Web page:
About 10 or so years later, he had moved the family to Nova Scotia to help start a church and Bible school at a group’s request. Needing additional funds to cover his personal bills (he used the church’s income to pay its expenses, as well as the salary of an associate pastor), he took up his old trade again, crossing the border every week. It was during one of these work trips that he was tragically hit by a trailer truck and killed at 43 years of age.

This, combined with a few other things, became the subconscious framework for a sacred bull in my life. If I was going to be 100% dedicated to the Lord, it would have to be 100% ministry. How could it be otherwise? How could I be in the world of business without being corrupted by the love of money? How could I split my focus and succeed at either? How could I keep from becoming selfishly ambitious?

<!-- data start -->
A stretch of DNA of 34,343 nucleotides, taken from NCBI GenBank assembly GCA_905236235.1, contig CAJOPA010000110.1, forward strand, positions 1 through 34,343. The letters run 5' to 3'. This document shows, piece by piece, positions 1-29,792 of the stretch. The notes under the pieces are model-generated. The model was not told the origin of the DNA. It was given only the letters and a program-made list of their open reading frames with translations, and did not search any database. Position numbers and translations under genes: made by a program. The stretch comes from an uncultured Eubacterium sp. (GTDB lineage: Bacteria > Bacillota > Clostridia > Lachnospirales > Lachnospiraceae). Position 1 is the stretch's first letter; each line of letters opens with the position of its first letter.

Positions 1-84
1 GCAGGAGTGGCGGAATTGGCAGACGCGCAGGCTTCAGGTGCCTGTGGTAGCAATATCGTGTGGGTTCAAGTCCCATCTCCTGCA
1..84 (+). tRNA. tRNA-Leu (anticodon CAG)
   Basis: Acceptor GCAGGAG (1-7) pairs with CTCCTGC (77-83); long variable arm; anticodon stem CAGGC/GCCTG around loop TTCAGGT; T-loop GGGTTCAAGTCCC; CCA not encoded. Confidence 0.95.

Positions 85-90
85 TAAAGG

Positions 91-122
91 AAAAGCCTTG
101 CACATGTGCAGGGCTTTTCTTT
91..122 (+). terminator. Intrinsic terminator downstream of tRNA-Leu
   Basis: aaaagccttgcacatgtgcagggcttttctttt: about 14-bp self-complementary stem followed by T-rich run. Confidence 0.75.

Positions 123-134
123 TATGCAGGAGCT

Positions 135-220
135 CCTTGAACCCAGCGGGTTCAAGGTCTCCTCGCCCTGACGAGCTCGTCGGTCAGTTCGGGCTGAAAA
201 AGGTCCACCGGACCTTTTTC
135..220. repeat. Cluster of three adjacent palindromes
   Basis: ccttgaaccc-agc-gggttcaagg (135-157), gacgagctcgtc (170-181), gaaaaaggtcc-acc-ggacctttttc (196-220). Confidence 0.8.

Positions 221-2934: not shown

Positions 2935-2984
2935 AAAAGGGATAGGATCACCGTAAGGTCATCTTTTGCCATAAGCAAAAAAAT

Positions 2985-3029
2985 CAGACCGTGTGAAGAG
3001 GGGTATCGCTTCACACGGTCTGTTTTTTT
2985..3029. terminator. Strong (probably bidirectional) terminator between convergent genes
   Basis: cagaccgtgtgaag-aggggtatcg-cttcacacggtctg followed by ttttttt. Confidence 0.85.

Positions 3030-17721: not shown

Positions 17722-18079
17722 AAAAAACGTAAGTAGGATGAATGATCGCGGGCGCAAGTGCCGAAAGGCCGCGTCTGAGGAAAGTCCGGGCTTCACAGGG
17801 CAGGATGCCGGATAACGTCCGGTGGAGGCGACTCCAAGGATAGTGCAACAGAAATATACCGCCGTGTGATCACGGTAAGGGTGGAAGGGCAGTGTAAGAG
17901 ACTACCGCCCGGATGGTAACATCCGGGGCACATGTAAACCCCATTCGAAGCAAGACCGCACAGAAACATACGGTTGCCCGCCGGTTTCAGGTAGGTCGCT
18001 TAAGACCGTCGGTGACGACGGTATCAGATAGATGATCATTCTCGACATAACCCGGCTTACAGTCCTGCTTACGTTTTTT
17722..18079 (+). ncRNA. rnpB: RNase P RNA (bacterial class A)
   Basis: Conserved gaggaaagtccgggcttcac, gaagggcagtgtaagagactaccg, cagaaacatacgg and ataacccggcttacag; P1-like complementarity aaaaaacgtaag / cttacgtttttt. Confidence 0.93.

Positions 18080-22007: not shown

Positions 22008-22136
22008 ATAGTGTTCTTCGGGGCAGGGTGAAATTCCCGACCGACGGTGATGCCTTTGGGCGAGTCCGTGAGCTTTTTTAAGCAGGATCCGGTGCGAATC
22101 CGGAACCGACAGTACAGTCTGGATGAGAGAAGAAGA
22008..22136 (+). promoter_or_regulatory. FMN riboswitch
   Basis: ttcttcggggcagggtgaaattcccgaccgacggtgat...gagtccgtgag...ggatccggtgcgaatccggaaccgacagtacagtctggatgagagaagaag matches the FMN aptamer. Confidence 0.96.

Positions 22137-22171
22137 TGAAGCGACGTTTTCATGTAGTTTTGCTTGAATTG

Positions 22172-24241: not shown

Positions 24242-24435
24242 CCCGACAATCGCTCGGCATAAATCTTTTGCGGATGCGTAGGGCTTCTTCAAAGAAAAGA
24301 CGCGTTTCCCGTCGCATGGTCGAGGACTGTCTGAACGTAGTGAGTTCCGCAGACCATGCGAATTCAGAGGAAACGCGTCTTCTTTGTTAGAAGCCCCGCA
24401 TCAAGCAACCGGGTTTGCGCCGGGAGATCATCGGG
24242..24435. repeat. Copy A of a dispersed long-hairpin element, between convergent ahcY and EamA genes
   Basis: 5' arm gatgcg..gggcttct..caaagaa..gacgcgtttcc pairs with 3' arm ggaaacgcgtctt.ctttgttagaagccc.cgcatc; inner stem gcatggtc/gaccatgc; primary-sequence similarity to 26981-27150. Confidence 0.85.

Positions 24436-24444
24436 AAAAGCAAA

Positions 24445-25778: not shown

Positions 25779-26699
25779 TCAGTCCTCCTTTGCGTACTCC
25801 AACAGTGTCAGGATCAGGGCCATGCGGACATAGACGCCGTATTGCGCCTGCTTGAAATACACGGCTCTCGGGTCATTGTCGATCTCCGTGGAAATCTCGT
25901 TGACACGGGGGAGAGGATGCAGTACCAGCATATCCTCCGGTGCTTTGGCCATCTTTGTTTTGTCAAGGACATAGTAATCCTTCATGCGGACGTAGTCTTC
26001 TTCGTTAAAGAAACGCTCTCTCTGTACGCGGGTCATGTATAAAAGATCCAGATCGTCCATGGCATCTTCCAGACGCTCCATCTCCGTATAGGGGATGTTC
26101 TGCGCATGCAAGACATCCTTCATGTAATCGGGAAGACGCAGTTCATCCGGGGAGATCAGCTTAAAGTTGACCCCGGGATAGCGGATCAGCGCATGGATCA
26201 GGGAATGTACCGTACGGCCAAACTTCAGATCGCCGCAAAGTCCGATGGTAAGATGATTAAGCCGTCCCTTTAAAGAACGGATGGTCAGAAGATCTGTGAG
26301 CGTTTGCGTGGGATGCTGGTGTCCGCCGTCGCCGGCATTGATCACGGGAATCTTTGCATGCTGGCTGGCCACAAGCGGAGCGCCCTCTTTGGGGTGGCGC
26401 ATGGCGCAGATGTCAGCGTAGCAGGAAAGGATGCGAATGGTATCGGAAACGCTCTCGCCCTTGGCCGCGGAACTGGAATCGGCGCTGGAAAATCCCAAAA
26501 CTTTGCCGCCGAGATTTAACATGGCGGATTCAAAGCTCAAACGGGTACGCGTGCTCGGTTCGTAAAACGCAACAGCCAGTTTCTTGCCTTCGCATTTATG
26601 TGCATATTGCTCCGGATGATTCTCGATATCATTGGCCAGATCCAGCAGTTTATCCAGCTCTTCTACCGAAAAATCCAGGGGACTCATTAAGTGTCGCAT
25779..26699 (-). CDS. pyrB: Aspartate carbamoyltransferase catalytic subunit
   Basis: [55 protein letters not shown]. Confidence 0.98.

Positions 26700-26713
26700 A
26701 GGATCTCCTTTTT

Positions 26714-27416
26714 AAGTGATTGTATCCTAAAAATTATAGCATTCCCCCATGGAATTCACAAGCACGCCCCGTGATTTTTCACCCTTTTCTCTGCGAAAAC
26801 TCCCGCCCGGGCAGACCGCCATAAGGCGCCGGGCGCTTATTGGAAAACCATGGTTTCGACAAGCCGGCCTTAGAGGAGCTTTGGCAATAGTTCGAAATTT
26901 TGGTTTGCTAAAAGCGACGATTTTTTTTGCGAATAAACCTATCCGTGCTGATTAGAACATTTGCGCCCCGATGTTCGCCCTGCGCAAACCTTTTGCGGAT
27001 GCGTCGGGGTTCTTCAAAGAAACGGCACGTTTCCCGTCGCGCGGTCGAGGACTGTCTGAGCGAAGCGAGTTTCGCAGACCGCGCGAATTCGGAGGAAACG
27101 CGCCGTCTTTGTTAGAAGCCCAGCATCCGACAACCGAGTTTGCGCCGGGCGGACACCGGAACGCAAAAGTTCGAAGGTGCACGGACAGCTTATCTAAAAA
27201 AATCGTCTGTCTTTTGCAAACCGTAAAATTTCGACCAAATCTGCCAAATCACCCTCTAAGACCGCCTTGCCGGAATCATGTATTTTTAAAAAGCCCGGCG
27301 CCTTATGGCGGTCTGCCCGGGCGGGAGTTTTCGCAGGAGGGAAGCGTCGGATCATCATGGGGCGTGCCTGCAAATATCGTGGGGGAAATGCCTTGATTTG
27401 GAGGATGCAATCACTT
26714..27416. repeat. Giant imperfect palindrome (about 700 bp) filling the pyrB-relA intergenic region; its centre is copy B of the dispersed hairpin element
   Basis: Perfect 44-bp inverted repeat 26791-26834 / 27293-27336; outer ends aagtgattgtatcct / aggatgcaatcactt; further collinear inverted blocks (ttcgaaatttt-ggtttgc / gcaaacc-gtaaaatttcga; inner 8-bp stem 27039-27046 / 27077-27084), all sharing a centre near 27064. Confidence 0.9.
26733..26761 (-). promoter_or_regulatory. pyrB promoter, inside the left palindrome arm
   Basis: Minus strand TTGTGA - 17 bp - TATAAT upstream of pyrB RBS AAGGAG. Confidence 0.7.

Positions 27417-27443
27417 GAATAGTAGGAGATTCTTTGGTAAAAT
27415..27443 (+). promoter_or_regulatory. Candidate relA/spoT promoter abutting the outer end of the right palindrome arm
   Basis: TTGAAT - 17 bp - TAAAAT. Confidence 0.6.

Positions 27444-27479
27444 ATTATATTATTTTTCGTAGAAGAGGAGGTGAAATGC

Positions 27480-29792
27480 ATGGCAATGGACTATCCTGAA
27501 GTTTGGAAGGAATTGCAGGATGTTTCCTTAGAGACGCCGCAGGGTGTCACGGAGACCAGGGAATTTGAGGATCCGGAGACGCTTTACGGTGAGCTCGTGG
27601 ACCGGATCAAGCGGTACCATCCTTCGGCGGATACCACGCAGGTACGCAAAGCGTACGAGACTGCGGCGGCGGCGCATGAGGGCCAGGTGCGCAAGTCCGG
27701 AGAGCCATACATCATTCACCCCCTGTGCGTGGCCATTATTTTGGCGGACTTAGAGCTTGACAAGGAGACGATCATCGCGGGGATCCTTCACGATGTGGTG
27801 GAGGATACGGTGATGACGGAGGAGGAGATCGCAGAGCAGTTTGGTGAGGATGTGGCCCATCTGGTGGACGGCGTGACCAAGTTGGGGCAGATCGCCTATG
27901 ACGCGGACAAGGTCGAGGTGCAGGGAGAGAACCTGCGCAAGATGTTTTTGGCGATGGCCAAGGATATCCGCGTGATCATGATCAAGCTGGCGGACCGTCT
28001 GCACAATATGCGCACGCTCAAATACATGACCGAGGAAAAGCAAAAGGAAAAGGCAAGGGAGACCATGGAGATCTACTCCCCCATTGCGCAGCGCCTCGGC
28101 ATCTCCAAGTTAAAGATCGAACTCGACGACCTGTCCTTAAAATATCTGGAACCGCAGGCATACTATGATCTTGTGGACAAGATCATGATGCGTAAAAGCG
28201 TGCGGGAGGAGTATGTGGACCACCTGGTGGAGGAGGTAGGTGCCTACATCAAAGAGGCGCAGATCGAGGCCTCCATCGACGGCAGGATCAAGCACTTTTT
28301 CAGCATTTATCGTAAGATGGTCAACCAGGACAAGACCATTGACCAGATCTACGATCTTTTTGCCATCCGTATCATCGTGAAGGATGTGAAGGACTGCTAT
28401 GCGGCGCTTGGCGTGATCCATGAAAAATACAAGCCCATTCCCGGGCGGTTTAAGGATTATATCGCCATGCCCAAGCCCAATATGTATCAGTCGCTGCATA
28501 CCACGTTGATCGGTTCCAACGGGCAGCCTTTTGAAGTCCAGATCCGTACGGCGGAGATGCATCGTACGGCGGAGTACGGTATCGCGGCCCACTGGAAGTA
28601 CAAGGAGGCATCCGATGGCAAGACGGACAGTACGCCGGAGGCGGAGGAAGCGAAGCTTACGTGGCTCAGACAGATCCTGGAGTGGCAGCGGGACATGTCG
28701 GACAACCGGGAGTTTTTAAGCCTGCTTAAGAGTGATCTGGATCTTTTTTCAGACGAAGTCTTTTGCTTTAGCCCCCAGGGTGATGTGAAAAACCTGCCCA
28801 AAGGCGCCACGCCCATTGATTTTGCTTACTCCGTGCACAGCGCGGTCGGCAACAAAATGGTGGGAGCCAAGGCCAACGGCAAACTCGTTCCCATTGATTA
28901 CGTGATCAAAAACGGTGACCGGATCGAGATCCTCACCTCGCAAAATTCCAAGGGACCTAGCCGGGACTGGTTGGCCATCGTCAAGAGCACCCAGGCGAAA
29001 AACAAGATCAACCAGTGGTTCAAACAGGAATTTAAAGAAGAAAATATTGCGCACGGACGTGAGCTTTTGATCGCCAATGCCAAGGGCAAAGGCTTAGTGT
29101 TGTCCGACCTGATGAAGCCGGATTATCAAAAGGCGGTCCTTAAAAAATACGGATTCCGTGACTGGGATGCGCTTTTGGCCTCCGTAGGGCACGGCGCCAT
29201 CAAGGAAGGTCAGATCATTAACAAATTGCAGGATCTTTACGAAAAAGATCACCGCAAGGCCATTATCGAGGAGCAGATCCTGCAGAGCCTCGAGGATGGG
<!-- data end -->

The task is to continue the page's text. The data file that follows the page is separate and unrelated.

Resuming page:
Didn’t Dad die young, because He had disobeyed the Lord in that? I asked the Lord so many questions when that happened, but He stayed silent. I suppose that was between the Lord and him, and it wasn’t my business. 

I had a choice to make then. I could blame God and turn from the faith, but I chose trust. Still, that sacred bull had taken root. I wasn’t to know how deeply it would affect me until 20+ years later. Now, here I am, eyeball to eyeball with it. Will I turn my hat and run, or will I stand my ground and kick it down? 

[No animals have been harmed in the making of this post. I would never literally go cow-tipping, so be at ease, my animal loving friends.]